How is remote working going for you and your team?

Since the government’s announcement on 20th March, to increase social distancing measures to delay the spread of the coronavirus, thousands of businesses across the UK found themselves sending their employees home to work remotely. For most, this is a brand-new way of working and you may be settling into it now but if you are managing a team remotely for the first time ever, well honestly that can be quite scary.

Is that what has happened to you?

It may be the first time ever you have worked from home yourself and now you are expected to communicate, structure, monitor and motivate your team as they all work from home. Woah –putting it like that it does sound a little scary, so we have accumulated some of the best advice we have come across online from trusted resources and also use this blog to share tips from our Force Four Leadership Trainers who are a little more used to this style of working.

Ann Francke, CEO of The Chartered Management Institute (CMI) spoke recently about how she believes leaders must behave in the coming months:

“We must be clear and transparent. People’s lives and livelihoods are at risk here. They need to be able to trust what they’re hearing. When in doubt, over-communicate.”

It goes without saying that you should be in regular communication with your team, maybe you are now a master at scheduling calls on Zoom or you have branded your Whereby chat rooms? If you are not there yet don’t worry, the main thing here is to communicate regularly and effectively in whatever way works for you and your team. Face-to-face video calls are important to reduce the sense of isolation we will all feel at times.

Sometimes poor online connections can cause us frustrations but remember that your staff are not robots, so encourage general chit chat because just like you they will be missing the social interaction they are used to from going into work each day.

We believe that remote work becomes more efficient when leaders set expectations for communications with their team. This is known as establishing the ‘rules of engagement’. For example, within Force Four we are using video chat for daily check-in meetings and job prioritisation. Additionally, we have other chat rooms for 1-2-1’s or training support with our learners. Let your team know the best times to reach you each day and also confirm the best form of contact to use in an emergency, for example: ‘Send me a text and I will call you back as soon as possible if the matter is urgent”’.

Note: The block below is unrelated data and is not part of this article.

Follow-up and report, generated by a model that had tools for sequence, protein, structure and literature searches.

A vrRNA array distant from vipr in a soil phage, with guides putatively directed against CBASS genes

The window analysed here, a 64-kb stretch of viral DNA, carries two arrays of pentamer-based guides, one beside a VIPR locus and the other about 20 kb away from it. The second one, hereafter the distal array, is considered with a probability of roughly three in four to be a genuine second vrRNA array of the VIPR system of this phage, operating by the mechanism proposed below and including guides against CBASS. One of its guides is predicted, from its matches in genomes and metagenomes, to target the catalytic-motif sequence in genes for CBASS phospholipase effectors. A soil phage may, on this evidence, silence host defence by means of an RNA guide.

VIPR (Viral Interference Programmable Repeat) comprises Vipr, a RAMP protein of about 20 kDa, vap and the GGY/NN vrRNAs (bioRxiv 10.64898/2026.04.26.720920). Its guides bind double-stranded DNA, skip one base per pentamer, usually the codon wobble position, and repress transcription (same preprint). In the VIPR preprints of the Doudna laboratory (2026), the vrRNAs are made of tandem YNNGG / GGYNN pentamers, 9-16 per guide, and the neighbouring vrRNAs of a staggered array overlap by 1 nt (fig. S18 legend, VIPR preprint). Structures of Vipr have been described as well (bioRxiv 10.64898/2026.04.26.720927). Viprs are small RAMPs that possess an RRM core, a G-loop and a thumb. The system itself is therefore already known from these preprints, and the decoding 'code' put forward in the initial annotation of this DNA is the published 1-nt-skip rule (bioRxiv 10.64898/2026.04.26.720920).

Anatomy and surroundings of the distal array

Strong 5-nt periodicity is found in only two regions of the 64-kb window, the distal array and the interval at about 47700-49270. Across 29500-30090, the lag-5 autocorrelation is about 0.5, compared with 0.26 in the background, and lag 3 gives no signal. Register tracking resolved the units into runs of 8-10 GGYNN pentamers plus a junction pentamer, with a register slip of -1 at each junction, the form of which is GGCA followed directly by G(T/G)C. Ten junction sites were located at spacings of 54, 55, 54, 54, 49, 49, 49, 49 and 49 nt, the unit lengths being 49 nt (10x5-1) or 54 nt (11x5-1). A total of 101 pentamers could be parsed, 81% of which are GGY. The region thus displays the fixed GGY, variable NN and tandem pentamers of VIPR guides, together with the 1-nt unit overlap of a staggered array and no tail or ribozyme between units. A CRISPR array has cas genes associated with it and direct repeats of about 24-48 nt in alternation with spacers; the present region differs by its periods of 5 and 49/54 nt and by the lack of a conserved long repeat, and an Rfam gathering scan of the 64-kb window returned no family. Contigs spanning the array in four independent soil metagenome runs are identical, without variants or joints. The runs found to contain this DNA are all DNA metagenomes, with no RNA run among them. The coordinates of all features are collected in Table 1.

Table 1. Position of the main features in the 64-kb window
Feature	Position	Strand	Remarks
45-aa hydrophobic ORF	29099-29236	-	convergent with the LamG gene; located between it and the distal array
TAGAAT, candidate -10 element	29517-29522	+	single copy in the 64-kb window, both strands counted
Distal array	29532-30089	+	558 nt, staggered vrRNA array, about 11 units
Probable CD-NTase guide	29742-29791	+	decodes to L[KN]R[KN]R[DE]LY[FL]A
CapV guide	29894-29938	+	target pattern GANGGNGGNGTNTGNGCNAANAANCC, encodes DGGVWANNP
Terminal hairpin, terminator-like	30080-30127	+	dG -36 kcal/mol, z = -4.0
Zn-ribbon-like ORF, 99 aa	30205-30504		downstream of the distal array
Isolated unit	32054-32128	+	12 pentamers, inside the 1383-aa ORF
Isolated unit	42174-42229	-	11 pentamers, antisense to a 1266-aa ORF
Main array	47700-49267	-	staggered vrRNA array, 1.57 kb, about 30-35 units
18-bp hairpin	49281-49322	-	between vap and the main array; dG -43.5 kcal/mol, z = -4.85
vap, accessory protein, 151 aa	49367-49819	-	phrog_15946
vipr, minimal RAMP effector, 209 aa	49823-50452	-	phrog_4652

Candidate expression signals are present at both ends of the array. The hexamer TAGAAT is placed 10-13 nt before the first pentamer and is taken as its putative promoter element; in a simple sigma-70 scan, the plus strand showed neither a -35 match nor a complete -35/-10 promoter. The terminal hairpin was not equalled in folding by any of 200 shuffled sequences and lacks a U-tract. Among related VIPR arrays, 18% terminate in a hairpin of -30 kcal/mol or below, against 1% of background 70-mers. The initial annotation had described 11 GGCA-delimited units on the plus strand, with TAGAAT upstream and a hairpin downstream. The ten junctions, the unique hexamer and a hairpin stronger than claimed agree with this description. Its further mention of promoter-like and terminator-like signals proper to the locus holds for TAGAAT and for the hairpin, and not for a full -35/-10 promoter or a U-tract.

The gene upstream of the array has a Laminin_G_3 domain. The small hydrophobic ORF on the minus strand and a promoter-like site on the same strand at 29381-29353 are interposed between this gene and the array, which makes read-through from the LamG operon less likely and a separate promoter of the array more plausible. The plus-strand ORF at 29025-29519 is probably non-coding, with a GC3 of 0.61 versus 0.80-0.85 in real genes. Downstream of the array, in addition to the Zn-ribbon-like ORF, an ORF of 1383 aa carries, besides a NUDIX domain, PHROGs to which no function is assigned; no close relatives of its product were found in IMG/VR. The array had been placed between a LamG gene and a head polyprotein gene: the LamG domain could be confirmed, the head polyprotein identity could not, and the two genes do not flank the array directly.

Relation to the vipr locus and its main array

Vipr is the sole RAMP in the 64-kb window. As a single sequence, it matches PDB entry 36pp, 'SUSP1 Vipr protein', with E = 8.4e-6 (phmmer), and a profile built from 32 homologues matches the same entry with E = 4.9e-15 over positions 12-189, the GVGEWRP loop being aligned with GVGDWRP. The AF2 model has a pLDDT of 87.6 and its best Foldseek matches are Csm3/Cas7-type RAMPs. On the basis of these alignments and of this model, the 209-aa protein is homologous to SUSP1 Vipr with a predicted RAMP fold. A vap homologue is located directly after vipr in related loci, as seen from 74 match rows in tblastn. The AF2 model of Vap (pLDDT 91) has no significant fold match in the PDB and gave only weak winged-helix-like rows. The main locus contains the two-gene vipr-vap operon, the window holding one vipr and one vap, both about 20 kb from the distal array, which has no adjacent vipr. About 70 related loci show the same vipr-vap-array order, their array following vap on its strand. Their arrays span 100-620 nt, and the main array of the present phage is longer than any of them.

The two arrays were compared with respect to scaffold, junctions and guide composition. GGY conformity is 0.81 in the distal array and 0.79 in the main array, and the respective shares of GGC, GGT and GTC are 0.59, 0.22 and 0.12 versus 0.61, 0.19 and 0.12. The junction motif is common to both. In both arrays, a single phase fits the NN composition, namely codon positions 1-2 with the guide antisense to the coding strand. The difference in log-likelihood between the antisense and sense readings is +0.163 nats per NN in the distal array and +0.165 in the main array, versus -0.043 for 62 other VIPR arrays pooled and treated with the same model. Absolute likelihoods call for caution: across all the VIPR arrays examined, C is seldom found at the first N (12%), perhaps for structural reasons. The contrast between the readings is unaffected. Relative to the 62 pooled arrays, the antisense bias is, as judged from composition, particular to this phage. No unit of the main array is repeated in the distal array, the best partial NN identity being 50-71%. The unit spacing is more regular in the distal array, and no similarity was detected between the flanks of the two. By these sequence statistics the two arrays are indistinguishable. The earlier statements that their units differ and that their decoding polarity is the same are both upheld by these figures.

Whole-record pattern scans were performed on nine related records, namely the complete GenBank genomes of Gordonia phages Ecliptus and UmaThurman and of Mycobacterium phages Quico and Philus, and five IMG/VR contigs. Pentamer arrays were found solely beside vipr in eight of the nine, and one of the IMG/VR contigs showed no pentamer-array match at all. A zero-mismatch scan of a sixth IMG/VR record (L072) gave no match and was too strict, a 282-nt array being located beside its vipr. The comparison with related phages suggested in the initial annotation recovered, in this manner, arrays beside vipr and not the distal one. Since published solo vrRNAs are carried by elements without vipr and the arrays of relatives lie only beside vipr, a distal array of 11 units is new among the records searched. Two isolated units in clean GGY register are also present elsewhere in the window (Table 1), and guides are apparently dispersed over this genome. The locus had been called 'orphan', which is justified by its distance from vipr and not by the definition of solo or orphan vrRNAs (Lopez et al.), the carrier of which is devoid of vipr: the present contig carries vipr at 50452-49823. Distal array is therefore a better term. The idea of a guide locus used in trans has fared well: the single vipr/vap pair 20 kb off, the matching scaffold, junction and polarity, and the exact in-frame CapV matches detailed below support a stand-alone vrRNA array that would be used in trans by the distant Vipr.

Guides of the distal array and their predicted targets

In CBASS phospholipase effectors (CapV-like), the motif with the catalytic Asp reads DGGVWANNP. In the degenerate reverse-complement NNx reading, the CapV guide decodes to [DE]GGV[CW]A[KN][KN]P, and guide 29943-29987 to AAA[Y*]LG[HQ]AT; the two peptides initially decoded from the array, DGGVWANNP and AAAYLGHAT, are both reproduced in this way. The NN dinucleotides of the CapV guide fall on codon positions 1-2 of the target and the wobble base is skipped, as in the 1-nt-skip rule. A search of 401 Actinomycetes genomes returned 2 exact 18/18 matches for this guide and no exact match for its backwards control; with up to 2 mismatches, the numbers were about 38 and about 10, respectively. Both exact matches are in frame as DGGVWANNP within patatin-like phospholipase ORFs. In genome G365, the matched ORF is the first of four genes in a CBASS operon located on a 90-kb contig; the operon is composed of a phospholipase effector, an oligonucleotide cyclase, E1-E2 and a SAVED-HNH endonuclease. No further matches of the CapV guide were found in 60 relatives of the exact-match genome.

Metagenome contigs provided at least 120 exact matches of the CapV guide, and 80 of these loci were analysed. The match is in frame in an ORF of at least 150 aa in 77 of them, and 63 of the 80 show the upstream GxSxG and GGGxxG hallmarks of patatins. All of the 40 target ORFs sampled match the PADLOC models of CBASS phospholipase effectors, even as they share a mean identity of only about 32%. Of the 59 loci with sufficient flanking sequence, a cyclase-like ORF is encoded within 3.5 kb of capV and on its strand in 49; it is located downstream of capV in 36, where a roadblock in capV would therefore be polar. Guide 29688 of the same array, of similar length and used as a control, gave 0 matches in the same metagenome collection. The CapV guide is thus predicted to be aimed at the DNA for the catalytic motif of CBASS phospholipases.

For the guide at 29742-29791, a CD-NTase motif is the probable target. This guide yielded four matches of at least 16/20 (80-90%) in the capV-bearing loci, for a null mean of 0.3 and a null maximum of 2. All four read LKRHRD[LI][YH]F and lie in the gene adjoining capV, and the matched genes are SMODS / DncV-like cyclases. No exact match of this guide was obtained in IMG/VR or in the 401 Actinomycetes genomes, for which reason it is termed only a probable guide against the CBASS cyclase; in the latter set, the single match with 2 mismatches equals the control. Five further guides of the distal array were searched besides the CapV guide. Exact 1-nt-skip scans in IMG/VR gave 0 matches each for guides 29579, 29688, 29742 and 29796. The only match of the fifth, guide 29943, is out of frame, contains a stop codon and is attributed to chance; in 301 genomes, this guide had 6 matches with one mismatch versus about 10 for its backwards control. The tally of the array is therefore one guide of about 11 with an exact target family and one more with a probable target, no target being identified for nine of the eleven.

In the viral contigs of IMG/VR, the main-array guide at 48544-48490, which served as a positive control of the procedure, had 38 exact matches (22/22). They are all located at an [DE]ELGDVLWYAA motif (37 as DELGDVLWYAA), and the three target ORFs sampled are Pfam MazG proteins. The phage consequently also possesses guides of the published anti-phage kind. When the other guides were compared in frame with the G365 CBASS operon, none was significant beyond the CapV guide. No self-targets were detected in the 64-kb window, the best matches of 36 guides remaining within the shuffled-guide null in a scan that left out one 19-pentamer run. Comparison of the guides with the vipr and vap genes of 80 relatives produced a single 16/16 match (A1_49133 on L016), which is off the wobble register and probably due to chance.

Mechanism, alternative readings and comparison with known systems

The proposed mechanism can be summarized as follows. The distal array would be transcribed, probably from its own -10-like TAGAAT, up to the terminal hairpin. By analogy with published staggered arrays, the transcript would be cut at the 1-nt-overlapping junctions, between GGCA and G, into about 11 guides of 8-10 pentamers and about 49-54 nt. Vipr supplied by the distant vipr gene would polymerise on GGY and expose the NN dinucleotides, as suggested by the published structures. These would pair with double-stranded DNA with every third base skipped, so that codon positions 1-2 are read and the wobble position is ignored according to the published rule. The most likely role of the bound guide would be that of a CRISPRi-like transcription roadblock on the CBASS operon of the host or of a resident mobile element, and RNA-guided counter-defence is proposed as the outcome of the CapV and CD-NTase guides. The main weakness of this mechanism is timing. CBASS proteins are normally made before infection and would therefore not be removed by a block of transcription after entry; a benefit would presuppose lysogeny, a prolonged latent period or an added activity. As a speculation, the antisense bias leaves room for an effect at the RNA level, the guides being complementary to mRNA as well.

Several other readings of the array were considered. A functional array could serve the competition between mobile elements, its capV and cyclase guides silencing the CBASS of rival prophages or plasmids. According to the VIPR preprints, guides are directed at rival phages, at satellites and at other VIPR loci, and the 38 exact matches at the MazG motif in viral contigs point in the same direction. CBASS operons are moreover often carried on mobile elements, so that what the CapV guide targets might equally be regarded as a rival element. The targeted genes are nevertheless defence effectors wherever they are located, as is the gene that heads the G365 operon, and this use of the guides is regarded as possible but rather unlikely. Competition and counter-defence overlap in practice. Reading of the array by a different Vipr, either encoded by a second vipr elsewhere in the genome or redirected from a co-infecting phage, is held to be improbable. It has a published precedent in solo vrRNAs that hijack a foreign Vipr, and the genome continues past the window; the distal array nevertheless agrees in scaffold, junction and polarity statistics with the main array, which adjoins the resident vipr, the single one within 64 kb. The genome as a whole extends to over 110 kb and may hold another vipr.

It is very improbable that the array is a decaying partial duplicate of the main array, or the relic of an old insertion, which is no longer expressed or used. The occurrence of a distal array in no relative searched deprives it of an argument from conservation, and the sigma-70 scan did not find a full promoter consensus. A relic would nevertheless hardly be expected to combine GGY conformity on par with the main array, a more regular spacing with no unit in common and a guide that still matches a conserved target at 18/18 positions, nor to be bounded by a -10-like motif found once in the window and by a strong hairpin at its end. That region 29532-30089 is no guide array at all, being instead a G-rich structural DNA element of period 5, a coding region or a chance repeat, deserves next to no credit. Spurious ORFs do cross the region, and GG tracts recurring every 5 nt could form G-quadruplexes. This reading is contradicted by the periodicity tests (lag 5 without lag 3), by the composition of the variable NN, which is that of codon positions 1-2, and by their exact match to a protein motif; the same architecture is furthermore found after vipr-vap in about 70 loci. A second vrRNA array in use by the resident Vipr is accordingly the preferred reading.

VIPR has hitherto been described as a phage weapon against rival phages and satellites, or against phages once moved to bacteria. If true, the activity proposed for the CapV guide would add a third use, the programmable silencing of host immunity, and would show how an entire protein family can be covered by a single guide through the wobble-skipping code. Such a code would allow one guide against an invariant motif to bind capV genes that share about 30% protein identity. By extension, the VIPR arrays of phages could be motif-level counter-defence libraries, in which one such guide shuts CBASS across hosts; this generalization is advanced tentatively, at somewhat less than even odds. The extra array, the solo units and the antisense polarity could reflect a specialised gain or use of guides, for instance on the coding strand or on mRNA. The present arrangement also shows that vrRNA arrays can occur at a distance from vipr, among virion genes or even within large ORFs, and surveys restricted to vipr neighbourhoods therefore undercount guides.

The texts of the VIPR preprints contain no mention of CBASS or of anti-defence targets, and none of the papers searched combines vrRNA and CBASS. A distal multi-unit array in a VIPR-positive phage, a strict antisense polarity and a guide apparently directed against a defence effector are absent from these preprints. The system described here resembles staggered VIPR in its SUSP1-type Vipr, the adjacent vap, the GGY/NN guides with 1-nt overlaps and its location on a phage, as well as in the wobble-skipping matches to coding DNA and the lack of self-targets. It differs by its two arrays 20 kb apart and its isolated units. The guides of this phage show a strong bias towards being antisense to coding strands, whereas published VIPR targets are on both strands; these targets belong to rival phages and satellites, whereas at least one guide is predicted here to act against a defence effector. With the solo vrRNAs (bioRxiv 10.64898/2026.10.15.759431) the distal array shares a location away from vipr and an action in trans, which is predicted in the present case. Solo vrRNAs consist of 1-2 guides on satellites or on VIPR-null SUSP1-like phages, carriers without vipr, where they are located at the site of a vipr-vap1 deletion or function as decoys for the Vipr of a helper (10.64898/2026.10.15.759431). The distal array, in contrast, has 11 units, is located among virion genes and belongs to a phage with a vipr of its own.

Every business has expectations whether working remotely or virtually. Being clear with employees from the outset will keep them focused and working towards personal and team goals.

You should set clear expectations for:

  • Work hours
  • Availability
  • Communication system
  • Timely meetings
  • Key projects and deadlines
  • Scheduled meetings
  • Responding to emails

You are now the ultimate ‘helping hand’ to your employee working in isolation at home. Though you may be out of sight, don’t ever let them be out of your mind. If something is really bothering your employees or they are feeling under the weather, understand the clues they might be giving you. Learn more in our recent blog: How do I keep my team happy and productive while working from home?

Make sure to agree set goals and deadlines for particular tasks. Keep a close eye on how well the targets are being met and give feedback promptly and sensitively if things go wrong. You could also think about offering your staff some online training (link to online training page) while they work from home, this can prepare employees and help them develop the skills they need. Make sure this is focused and relevant to their job role to avoid members of staff seeing it as a hoop to jump through or a way of being kept busy for little practical reason.

You could even decide to set your team refresher training challenges each week to keep them engaged and focused. Motivating your staff at this time is crucial, so make sure you keep up with housekeeping tasks, like employee reviews and one-to-ones. These can be done over video calls, for example, so you can ensure professional goals are still being met, and any issues are dealt with properly.

NEWSFLASH!!! It’s not possible to manage every aspect of the work done by a remote team. Instead of focusing on activity or hours worked, focus on the outcomes and measure your team performance accordingly. Right now, your team has a lot going on, that doesn’t excuse any slacking off but it’s worth thinking about what productivity means. Regular work hours are going to difficult for some members of your team with children, pets and other responsibilities. We need to trust our teams to work to a flexible schedule that helps them to be the most productive.

We are in uncharted territory here and it could go on for some time, so let’s continue to ‘over-communicate’ with our teams and work together to manage the change positively and with sensitivity to everyone’s individual situation.

“I think a hero is an ordinary individual who finds strength to persevere and endure in spite of overwhelming obstacles.” – Superman

Oh come on… we are running with a theme here!

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